Battle of Quebec

Death of Montgomery

Battle of Quebec

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The successful capture of Fort Ticonderoga on May 10th, 1775 by American General Benedict Arnold and Major General Ethan Allen marked a turning point in the Colony’s war effort. Now, the British weaponry stored at Fort Ticonderoga, especially the cannons, can be turned against the British in the ongoing Siege of Boston. Reinvigorated by the ease at which the Continental Army and Militias took the Fort, American General Philip Schuyler made plans to invade Canada. The rationale behind this invasion was to gain support for an Anti-British rebellion in Quebec among the numerous French Canadians that lived there.

However, the invasion of Canada did not get off to a good start. On September of 1775 Ethan Allen and his “Green Mountain Boys”, which was the name given to his Vermont based militia, would try to singlehandedly capture Montreal. However, Allen’s force of a little over 100 men would be easily defeated, which resulted in Allen’s capture and imprisonment. Additionally, during the beginning stages of the invasion, General Schuyler fell ill and was unable to lead his army and gave command to General Richard Montgomery who captured Montreal by Early-November of 1775. Despite the capture of Montreal, the British General and Governor of Quebec Guy Carleton was able to fortify Quebec in the meantime.

With these gains, General Montgomery was to march his army north while General Arnold was to go around New England. This was so that the two armies could surround Quebec from the east and the west across the Saint Lawrence River. By the time the two armies met outside of Quebec, the Americans just barely had over 1000 troops at their disposal where the British, who had been fortifying the city, had organized a local defense force of nearly double the Americans strength. Even worse, an outbreak of smallpox ravaged the Continental camps set up outside Quebec, destroying the American’s ability to attack. Additionally, the overall objective of swaying French-Canadian support was a total failure, as the Canadians did not end up revolting against the British but rather took up arms against the Americans in order to defend their homes in Quebec.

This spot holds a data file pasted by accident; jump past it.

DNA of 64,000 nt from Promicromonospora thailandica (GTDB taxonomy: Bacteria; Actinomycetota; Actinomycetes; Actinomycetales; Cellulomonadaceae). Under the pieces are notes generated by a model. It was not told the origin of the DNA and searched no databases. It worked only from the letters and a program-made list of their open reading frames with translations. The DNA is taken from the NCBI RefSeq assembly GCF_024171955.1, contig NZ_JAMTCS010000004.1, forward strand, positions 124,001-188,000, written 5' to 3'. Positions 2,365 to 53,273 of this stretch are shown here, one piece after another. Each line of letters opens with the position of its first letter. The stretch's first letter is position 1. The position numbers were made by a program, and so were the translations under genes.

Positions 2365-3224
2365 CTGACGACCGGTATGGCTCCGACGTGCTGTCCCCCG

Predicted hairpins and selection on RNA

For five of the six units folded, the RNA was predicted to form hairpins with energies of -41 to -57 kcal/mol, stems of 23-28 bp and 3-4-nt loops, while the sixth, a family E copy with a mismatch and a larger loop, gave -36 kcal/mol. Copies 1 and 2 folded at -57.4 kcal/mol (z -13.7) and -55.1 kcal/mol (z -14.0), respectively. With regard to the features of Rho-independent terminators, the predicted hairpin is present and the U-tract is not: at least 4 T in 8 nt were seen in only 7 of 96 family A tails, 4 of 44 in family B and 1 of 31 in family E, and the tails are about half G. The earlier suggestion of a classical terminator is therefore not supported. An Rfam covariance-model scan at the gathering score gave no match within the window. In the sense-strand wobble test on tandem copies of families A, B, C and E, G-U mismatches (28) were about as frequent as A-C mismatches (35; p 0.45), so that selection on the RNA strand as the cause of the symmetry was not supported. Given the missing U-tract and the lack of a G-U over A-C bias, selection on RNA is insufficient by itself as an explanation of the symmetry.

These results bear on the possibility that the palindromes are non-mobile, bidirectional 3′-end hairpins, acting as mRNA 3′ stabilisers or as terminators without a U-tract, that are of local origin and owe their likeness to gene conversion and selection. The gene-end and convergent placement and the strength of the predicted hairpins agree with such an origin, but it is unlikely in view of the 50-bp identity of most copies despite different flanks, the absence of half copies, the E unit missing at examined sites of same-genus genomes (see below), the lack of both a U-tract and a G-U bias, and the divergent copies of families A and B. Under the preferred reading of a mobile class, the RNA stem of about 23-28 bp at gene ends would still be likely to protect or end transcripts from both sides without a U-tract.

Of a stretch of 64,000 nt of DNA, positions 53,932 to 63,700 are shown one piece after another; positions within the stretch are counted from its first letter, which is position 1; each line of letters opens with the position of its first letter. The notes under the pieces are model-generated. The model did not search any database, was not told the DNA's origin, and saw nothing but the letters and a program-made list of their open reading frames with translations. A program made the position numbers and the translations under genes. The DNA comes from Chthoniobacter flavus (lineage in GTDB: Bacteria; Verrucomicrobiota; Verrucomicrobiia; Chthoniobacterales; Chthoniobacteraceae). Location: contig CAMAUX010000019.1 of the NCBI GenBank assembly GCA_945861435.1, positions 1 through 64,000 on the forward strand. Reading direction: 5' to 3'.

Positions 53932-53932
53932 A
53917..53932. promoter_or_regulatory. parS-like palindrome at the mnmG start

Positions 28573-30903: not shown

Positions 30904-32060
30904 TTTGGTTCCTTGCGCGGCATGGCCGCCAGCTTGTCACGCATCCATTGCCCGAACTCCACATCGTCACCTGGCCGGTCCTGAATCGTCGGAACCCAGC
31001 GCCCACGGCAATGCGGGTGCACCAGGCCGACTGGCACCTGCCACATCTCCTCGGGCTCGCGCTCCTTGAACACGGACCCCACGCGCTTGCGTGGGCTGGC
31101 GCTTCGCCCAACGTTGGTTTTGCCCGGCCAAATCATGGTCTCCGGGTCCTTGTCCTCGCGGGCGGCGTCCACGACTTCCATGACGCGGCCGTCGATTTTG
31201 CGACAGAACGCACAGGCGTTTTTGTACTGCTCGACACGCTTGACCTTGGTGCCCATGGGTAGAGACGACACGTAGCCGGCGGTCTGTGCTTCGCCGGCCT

The Americans, suffering from disease, facing starvation, lacking proper supplies, and freezing in the Canadian winter, attacked the fortified city of Quebec on December 31st of 1775. Rather than attack the fortified city walls head on, General Montgomery led the first assault of the city by going around the walls and attacking the city via the less secure coastal shore areas of the Saint Lawrence River. Just before the attack, General Montgomery shot rockets into the air to coordinate with General Arnold, who was to attack his objective at the same time as Montgomery. However, during the first assault a blizzard decreased visibility and served to create further disorganization among the Continentals. Additionally, a small group of Canadians spotted the lanterns used by General Montgomery to guide his men and promptly opened fire at close range. A blast of grapeshot killed General Montgomery and those who were standing close to him. After the death of their general, several of Montgomery’s men began to rout and flee. Despite this, many of General Montgomery’s men continued to assault the city. However, the superior fortifications and defenses inside Quebec eventually forced the rest of Montgomery’s men to retreat. Thus, leaving General Arnold to fight the rest of the battle with his army.